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Sustainable Energy

More-Powerful Fuel Cells

A cheap polymer material increases the power output of methanol fuel cells by 50 percent.

Methanol fuel cells have the potential to replace batteries as a lightweight power source for portable electronic devices. But fuel-cell materials are expensive, and fuel cells that consume methanol are inefficient. In particular, the membranes used in methanol fuel cells are expensive and waste fuel. Now researchers at MIT have developed a cheap membrane material that increases the power output of methanol fuel cells by 50 percent.

Polymer power: An inexpensive polymer thin film increases the power output of methanol fuel cells by 50 percent.

The energy density of a methanol fuel cell “compares to the best high-energy-density batteries,” says Robert Savinell, a chemical engineer at Case Western Reserve University, in Cleveland, who was not involved in the research. And because they weigh less than batteries, methanol fuel cells are a promising power source for portable electronics. For the military, tanks of methanol for refilling fuel cells would be lighter than extra batteries that would have to be carried on long missions. The energy density of methanol fuel cells could also be an advantage in portable consumer electronic devices such as laptops and iPods. But commercialization of methanol fuel cells has been limited because of their price: they require a thick internal membrane made of an expensive polymer. And even with this expensive material, they use fuel inefficiently.

To overcome these limitations, Paula Hammond, a chemical engineer at MIT, has made a fuel-cell membrane out of layers of polymers whose electrochemical properties can be precisely tuned to prevent fuel waste. The work is described in a recent issue of Advanced Materials. Indeed, says Savinell, Hammond has solved a problem that chemists have been trying to overcome for years.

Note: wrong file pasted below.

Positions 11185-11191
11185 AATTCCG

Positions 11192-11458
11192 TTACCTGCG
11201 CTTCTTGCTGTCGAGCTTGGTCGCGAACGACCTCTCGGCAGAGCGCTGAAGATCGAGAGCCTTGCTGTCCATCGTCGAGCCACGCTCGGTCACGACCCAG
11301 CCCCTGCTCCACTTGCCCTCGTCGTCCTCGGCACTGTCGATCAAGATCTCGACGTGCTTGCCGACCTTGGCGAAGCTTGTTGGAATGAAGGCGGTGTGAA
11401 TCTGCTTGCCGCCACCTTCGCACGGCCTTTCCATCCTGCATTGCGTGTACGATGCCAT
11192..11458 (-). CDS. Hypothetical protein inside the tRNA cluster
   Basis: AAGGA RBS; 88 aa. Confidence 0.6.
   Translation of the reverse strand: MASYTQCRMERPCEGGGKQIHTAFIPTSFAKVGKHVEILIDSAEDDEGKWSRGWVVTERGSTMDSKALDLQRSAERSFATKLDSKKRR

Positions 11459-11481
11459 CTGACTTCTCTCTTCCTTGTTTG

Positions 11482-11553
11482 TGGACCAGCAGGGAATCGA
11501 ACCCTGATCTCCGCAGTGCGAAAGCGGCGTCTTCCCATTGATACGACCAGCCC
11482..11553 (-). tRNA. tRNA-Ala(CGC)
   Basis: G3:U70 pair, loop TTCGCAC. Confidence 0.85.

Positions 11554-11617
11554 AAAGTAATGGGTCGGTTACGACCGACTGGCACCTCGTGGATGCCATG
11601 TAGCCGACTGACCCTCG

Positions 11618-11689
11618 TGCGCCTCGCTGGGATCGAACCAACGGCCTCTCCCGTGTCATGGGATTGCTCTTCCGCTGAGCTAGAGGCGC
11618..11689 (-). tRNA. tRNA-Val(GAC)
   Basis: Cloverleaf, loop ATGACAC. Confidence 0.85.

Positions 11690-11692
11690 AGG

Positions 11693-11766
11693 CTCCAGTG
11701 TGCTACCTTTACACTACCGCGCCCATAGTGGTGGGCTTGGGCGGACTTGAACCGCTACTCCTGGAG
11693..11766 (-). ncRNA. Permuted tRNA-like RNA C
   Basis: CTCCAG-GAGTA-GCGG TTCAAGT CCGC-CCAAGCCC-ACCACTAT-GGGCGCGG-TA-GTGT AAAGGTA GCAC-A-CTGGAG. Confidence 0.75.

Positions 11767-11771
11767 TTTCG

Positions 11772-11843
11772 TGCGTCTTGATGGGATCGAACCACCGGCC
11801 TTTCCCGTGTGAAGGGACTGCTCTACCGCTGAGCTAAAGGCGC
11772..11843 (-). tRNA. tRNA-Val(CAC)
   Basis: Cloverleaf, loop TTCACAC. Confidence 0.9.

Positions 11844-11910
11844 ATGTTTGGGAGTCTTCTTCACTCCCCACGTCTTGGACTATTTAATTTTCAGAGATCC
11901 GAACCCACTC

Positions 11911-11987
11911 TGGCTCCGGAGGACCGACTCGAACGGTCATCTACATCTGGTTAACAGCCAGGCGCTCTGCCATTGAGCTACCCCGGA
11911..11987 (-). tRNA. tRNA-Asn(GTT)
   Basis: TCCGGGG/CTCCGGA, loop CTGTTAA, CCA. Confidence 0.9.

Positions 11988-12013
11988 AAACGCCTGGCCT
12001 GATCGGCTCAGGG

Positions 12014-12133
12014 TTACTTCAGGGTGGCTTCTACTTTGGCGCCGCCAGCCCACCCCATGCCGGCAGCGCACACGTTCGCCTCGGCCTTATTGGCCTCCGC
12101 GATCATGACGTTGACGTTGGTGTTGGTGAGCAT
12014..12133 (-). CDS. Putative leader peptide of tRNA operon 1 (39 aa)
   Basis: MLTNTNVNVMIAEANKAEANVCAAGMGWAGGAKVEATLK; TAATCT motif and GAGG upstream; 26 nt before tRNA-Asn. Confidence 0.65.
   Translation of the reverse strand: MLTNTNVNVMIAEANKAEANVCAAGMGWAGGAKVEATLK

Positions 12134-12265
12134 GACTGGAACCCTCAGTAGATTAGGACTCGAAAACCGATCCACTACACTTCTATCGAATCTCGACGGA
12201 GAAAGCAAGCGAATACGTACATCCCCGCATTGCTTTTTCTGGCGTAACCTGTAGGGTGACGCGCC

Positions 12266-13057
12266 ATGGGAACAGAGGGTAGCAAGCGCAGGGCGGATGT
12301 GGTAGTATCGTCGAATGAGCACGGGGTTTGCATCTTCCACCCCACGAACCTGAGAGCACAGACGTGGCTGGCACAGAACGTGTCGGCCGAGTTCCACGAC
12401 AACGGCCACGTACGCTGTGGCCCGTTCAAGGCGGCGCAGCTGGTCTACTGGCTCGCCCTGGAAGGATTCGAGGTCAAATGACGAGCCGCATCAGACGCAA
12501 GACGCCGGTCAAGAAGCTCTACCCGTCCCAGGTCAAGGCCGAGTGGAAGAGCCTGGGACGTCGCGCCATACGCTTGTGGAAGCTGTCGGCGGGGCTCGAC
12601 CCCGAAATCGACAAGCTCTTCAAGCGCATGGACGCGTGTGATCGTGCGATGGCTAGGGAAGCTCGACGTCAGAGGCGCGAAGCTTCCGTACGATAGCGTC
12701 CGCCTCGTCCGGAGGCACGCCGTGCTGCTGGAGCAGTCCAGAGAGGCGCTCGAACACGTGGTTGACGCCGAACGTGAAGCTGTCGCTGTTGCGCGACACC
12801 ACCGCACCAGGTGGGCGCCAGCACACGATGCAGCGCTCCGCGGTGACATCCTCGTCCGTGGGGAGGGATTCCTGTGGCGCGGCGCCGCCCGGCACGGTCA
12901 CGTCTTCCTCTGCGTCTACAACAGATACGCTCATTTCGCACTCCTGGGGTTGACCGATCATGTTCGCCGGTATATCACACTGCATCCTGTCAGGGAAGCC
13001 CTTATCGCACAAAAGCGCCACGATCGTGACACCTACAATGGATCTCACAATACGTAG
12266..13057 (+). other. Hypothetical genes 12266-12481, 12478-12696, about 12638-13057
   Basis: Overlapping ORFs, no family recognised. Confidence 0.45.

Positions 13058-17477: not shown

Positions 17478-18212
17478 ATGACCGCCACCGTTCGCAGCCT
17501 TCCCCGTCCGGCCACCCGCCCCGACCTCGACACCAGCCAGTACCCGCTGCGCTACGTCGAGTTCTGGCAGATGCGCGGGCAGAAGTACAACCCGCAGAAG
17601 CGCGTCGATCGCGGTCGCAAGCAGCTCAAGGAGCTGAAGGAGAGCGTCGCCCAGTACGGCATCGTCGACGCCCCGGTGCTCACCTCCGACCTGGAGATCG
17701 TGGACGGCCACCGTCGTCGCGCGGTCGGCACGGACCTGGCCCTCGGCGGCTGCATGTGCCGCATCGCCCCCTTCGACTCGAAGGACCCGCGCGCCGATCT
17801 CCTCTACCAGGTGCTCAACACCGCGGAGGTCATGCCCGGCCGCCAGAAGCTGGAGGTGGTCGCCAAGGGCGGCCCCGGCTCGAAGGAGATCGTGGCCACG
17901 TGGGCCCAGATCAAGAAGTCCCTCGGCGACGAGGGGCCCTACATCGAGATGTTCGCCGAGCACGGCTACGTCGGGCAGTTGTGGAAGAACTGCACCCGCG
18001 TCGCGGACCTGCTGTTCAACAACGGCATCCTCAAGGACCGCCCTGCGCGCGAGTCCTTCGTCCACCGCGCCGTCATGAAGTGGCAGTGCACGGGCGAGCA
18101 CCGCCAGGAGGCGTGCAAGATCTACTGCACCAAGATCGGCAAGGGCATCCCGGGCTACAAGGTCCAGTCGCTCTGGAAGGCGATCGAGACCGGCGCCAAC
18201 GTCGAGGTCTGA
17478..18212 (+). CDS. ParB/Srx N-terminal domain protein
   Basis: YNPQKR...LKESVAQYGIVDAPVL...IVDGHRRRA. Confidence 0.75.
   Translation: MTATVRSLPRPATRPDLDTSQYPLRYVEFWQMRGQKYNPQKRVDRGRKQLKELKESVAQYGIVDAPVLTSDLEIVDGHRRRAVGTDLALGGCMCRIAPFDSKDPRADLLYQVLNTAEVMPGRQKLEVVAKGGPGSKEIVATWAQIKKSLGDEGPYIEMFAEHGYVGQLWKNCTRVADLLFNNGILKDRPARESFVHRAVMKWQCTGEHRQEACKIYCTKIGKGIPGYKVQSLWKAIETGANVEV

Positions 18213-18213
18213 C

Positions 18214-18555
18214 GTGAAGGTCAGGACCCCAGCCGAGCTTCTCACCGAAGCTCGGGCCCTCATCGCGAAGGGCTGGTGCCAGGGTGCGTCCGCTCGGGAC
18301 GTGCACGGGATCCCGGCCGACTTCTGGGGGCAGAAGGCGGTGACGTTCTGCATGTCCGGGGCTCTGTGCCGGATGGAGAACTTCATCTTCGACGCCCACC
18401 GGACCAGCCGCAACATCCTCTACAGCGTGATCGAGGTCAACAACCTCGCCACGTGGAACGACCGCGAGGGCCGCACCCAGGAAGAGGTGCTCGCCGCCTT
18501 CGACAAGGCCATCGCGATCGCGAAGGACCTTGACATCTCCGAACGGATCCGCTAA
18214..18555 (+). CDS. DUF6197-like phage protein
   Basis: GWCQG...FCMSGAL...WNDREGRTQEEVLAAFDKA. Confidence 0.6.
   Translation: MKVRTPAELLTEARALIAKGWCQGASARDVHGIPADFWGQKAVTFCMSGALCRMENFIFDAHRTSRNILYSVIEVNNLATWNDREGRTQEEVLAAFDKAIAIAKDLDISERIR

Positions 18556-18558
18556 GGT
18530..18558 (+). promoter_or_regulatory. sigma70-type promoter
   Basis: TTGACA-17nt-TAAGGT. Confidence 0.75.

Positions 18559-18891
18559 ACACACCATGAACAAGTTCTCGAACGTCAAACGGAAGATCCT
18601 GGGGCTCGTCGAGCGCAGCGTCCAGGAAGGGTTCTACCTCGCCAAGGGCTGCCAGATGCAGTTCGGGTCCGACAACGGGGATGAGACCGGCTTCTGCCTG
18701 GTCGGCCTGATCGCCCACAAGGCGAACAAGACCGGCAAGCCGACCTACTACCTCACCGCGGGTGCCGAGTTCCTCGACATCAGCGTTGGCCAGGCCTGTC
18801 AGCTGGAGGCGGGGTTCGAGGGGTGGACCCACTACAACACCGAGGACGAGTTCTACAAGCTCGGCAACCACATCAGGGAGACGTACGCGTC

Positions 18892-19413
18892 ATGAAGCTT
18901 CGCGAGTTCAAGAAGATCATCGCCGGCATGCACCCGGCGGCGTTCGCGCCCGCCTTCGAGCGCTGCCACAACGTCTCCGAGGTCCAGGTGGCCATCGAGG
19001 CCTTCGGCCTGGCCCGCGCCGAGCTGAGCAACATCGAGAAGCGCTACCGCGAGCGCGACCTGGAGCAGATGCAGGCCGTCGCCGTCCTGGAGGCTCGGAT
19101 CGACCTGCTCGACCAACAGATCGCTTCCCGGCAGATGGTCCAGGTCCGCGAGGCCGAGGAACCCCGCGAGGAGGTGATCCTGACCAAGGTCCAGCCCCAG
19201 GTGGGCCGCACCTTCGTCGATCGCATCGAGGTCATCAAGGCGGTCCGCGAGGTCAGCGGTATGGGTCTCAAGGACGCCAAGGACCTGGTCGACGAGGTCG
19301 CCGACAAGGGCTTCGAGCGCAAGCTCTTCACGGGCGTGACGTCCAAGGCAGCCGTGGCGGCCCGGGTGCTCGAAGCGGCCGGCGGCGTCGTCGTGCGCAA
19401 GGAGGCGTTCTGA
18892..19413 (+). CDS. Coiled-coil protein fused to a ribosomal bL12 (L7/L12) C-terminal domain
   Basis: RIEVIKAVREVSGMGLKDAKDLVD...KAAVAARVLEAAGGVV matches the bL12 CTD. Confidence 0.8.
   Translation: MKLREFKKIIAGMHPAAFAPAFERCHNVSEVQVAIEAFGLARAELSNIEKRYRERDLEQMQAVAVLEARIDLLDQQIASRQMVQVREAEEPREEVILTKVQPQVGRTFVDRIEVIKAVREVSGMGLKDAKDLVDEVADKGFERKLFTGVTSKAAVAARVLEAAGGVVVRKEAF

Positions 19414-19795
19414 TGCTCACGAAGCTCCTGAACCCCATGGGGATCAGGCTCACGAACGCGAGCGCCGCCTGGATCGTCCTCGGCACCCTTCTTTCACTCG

Methanol fuel cells have two compartments separated by a membrane. On one side, methanol is stripped of protons and electrons. The protons are carried through the membrane to the other compartment, where they are combined with oxygen to form water. The electrons, which can’t cross the membrane, are forced into an external current that can be used to power electronic devices.


Because water is being created inside the fuel cell, the membrane is wet. Methanol, which is very soluble in water, is absorbed by conventional fuel-cell membranes and can cross over to the other side. This wastes fuel and makes the cathode, the oxidizing end of the cell, work harder. “Everyone’s concerned about methanol crossover,” says Merlin Bruening, a chemist at Michigan State University. Researchers have tried many different approaches to improving methanol fuel-cell membranes, but all have entailed trade-offs. “The challenge is to maintain stability and conductivity [to protons],” while decreasing methanol crossover, says Bruening.

Hammond synthesizes fuel-cell membranes using a technique called layer-by-layer assembly. She starts with a very thin membrane of the polymer used in conventional fuel cells. She dips it into a water solution of a positively charged polymer, then into one of a negatively charged polymer; the process is repeated until many layers are built up. The result, explains Hammond, is “a polymer backbone that resists the permeation of methanol” while still conducting protons.

The resulting 100-nanometer-thick membrane conducts two orders of magnitude less methanol than conventional, 50-micrometer-thick membranes do. And fuel cells incorporating it have a greater power output.

Hammond says that methanol is a better candidate to power portable fuel cells than hydrogen because it’s a liquid and not nearly as flammable. “It’s a dense power source that’s safe to carry around,” she says.

Savinell says that Hammond’s work could have applications beyond methanol fuel cells. By picking the right polymers and varying assembly conditions including pH, says Savinell, “you can customize and optimize [the films] for any application.” Layer-by-layer films might be used to improve the conductivity of hydrogen fuel-cell membranes and to increase the efficiency of ethanol fuel cells. Ethanol is safer than methanol but has similar drawbacks as a feedstock for fuel cells: ethanol seeps across the polymer membranes.

“The real promise is the power of the technology to make new materials,” says Savinell. Hammond is now working on new fuel-cell membranes that contain none of the expensive conventional polymer.

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